drawn with him having a bomb with it's fuse lit for a turban)? Especially
considering everything that is going on in the world today between 'the west'
and middle eastern countries. That is just wrong.

Strive for peace,

P.S On a more lighter note......birds are chirping outside my
window.....cool :)

CA, love your conclusion. I concur, cool. Monkey nigger doesn't quite work, doesn't quite sting though. Maybe the nigger part but not the monkey part because monkeys are actually quite beautiful with extremely pleasing personalities and extremely bright smiles.

Is this the cartoon which set off the rioting? I'd been wanting to get an up-close of this whole conflict. Interestingly though, it has lit the fuses of Moslems. I saw them on TV, so many and so violent, I found it frightening. I had Moslem friends at Memphis State though, who taught me to be intent, serious about a cause. It is their energy I suppose, in my very first book, Bicentennial Blues.

I was Commissioner for International Students in MSU's Student Government and represented their concerns as well as all the other intl. students' and went out on a limb whenever necessary - even to the point of being asked by authorities to leave the USA. How I've changed, or have I? Suppose I'm still a justice seeker.

Moslem fervor though, I do find startling, frightening. They're seldom prepared to laugh things off. I remember them wanting Salman Rushdie dead for The Satanic Verses which I have read and did find sacrilegious and very well written but no more sacrilegious than James Joyce's Ulysses but I don't remember the pope or any other Christian head making much of a fuss about it except that for many years it was banned in the USA as was D.H. Lawrence's Lady Chatterley's Loves - made into a film not long ago and I'm glad to say, I do have a copy and love it.
Get Off

it is at once rape
and it is masturbation
it is vulgar, it's obscene

people pulling up, going by
with music booming

everything, everywhere, everyone
vibrating, shaking

unavoidable intercourse
with someone unknown

who comes around
who comes along

© Obediah Michael Smith, 2006
3:34 p.m. 08/feb/06

Saturday, February 04, 2006

"April Haven"
Fri, 03 Feb 2006 22:05:49

The poem does not mean what you think! I am basically saying that for most or some poet we get our thoughts from our surroudings. We bring out things that are invisible to the eyes of many. We use our form of art as a voice. Sometimes, we only can write how we truly feel; therefore, I use those words. It was not intended to be a disappointment. I am sorry you felt that way. The poem is really saying where I get my motivation to write. My surroudings; what I see and how I feel. I express my thoughts how I view things. Sometimes, we speak and yet people don't listen, but when we write we give people a chance to read over and over to replay what they are reading in their head. Thank you for your reply.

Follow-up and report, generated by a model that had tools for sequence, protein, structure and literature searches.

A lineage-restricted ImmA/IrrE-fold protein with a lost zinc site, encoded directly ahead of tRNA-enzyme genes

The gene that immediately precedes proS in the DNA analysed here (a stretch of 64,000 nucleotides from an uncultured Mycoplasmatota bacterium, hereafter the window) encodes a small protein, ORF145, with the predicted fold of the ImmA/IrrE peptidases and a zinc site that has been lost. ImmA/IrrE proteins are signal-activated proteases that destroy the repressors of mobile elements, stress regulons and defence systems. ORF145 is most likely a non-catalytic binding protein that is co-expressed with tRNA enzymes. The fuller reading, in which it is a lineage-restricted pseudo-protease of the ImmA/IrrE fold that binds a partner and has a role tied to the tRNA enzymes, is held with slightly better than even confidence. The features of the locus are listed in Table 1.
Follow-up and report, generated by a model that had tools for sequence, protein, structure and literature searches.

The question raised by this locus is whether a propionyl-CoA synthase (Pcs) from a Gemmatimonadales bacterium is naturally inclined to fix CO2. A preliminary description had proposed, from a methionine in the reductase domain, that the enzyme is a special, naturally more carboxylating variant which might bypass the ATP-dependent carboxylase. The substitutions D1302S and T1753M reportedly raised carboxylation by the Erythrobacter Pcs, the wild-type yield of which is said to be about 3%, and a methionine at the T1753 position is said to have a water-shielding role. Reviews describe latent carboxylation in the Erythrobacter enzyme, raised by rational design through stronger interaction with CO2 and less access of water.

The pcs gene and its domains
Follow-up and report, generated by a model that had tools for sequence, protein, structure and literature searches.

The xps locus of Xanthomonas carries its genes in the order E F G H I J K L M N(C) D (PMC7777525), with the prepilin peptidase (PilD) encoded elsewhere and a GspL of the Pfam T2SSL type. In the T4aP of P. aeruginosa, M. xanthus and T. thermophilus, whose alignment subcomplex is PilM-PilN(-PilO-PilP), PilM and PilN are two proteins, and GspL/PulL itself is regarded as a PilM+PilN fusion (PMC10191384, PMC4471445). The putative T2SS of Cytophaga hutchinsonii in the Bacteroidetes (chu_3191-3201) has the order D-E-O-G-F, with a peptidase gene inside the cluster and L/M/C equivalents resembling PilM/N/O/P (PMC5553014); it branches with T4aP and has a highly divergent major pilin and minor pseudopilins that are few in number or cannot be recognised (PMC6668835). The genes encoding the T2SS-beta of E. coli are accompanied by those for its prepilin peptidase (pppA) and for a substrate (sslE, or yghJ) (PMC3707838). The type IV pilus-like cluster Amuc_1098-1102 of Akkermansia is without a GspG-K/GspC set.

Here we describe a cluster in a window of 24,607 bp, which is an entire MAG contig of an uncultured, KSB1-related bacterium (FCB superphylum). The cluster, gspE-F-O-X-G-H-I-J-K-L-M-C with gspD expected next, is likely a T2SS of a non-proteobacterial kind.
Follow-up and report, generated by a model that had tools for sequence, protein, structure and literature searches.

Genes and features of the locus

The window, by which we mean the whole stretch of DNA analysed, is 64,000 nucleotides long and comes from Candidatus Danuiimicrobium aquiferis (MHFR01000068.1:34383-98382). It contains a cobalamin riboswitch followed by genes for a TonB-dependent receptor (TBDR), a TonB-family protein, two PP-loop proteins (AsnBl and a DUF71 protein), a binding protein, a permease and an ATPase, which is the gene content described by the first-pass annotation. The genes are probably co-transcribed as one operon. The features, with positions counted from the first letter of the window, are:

this explanation, though I thank you for it, is an insult to me. You needn't explain what your poem means. And was all I wrote written in vain? We, this time, are not communicating. My disappointment has nothing to do with what you attempted to say nor did I misunderstand what you attempted to say, in fact I've rewritten your poem to tighten it and to make it clearer, cleaner.

My concern has to do with your seeming not to know what a poem is or the difference between one which is pale or anemic and one which is dynamic and vibrant - like a child just born, spanked, which kicks and screams compared with one which needs a respirator, an incubator.

Is this clear april? If it isn't, things I convey to you about writing must have been and I suppose would be of little help. A lack of comprehension is a frustration thing. My attempt to improve the language of your poem follows:

I need to be heard
my surroundings, source of my vision

what have I been missing

must write my story
must live my life

Even though the language is clear, clean, precise, it is still empty of images. Images convey: the rusty pliers with bright-red plastic handles, sitting upon this counter here beside me. Images transport us to as well as through as well as into the world of the author.

Do you understand this? Compared with: "I have a feeling I wish I could share;" wherein what I'm thinking of is hidden, not conveyed. The only redeeming element of my second example is the rhythm of the words, of the language, the music - which is another tangible entity - as sound can be metallic, even rusty or silver: like the sound of the saxophone or clarinet or trumpet.